Savers see with-profits pensions slashed by 87%: Thousands promised annual payments of £30,000 now set to receive just £3,700
- Retirees will get just £3,774 a year after 20 years of saving £200 a month
- Plunging investment returns and falling annuity rates leave a gaping hole
- Savers sold with-profit policies in the 1990s will receive just an eighth of what they were led to expect
Thousands of savers with old pension plans have had their retirement hopes dashed by a double whammy of crashing returns and the worst payout rates in history.
A Money Mail investigation has found savers who were sold with-profit policies in the Nineties will receive just an eighth of what they were led to expect.
Today's retirees will have to put up with a pension of just £3,774 a year after 20 years of saving £200 a month.
When they took out the policy, they were told they could expect nearer £29,000. That means their pensions will be an astonishing 87 per cent smaller than insurance salesmen estimated two decades ago.
Pensions scandal: A Money Mail investigation has found savers who were sold with-profit policies in the Nineties will receive just an eighth of what they were led to expect
They have been hit by a toxic combination of plunging investment returns, which have left a gaping hole in pension pots, and a fall in rates on annuities, which turn their savings into an income for life.
And to add to the misery for those still to retire, rates have started tumbling even more dramatically this month as the Bank of England prepares to cut the base rate again.
Patrick Connolly, of independent financial advisers Chase de Vere, says: 'Payout figures on with-profits pensions are shocking compared with original expectations.
'They keep falling almost regardless of the performance of the underlying funds. Savers will be far poorer in retirement than they originally thought.'
At the height of their sales in the mid-to late-Nineties, hundreds of thousands of savers relied on with-profits to provide them with a decent retirement.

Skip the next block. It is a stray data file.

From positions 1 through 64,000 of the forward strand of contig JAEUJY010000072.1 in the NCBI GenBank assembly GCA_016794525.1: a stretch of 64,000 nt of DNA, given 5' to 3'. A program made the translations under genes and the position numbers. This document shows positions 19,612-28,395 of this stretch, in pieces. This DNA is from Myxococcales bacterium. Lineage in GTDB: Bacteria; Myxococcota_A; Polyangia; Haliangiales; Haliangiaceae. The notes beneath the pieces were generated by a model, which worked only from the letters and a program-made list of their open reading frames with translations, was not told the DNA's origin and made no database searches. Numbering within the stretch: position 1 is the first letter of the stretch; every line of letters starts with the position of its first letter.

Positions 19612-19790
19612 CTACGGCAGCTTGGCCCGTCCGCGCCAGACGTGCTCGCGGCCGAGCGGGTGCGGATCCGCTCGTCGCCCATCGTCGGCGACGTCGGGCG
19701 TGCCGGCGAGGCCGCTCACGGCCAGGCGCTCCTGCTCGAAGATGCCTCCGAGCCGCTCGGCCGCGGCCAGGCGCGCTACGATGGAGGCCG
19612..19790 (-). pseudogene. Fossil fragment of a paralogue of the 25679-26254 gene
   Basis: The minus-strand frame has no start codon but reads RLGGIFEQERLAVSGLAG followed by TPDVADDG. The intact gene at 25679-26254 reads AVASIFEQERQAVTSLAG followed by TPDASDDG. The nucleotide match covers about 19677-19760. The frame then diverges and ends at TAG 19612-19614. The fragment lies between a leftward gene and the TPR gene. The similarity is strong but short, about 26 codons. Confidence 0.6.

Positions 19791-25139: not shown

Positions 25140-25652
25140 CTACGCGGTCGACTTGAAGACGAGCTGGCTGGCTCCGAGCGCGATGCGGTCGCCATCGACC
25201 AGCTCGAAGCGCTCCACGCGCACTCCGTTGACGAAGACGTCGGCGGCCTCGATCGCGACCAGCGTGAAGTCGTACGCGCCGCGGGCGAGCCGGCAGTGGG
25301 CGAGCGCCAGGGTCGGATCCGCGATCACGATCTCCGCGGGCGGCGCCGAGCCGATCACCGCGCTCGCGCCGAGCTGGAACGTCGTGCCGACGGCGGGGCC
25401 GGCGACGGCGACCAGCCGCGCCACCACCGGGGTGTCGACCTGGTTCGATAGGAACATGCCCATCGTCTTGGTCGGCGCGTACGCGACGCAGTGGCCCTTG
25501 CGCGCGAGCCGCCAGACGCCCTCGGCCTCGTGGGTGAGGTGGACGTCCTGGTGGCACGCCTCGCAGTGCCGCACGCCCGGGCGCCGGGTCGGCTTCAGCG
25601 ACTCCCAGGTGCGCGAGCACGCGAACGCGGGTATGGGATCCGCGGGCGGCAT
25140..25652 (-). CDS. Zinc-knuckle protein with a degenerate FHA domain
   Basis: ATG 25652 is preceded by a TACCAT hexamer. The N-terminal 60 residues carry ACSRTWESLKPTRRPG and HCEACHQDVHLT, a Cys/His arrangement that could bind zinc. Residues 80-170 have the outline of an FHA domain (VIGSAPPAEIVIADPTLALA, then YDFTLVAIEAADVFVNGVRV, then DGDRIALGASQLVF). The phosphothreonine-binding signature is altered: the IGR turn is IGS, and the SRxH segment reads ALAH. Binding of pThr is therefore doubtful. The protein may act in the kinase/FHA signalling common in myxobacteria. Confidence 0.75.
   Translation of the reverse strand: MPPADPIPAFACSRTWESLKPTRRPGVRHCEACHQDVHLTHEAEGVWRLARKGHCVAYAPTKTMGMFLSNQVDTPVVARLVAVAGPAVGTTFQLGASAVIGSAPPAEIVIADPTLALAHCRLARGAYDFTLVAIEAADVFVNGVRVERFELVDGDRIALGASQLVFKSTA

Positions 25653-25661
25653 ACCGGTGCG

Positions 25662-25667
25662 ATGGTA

The policies were often sold to those looking to build a retirement fund through a personal pension, usually when no company pension was on offer. This included millions of self-employed workers and small business owners.
Policyholders were told their money would grow with guaranteed annual bonuses.
The point of with-profits plans was that pension companies would put aside money from good years to smooth out the times when investments under-performed. As a result, bonuses could rise each year or at least stay the same.
But there has been a headlong fall in payouts after insurers cut annual bonuses having paid out too much in previous years.
In 1997, with-profit plans paid out an average £265,500, figures from respected trade magazine Money Management show.
Big players such as Standard Life paid out £269,365 and Legal & General £267,291. Figures are based on the industry standard of a man putting £200 a month into his pension for 20 years and retiring aged 65.
But by 2006 they had fallen to £105,361 at Standard Life and £121,316 at L&G.
And this year policyholders will see just £81,697 and £77,310 respectively. Prudential's figure has dropped from £130,906 ten years ago to £84,518 today.
The average across all major providers this year is £78,300 — around £187,200 less than expected. Typically, savers had to buy an annuity to turn this into an annual income that would last for life.
Salesmen boasted of the generous flow of cash savers would get in old age and used annuity rates at the time, which stood at 11.18 per cent, to advertise alluring average incomes of £29,683.
On a similar policy maturing now, someone saving exactly the same amount would see £3,774. Not only are they turning a smaller pot into an income, but annuity rates have more than halved to 4.82 per cent.
'This is the worst time in living memory to buy an annuity,' says Billy Burrows, an independent pension income expert.
Savers' choice of where to buy an annuity has also shrunk as competition in the market fades away. Five years ago, around 12 companies would accept their money.
Today, there are half as many. Prudential is the latest to leave and now offers annuities only to its own policyholders.
And rates are still falling. A 65-year-old can expect £4,820 on a £100,000 lump sum, down £290 from £5,110 last month before Britain decided to leave the EU.
Interest rates are a crucial benchmark for annuity prices.
So, if the Bank of England cuts the base rate to 0.25 per cent — which experts say could happen as soon as tomorrow — it could heap more pain on those near retirement.
Check with your pension provider whether your policy has a guaranteed annuity rate written into it.
In some cases, these are more than 10 per cent. But they are usually a 'single life' annuity, which means your pension dies with you. This may not suit your circumstances — for example, if your wife does not have a pension in her own right.
With the arrival of pension freedom last year, you have a choice of buying an annuity or setting up a so-called drawdown plan to provide an income. You can take as much or as little as you want — but you risk running out of money.
'You can do a combination of these,' says Billy Burrows. 'But to get it right you need advice, and that will come at a cost.'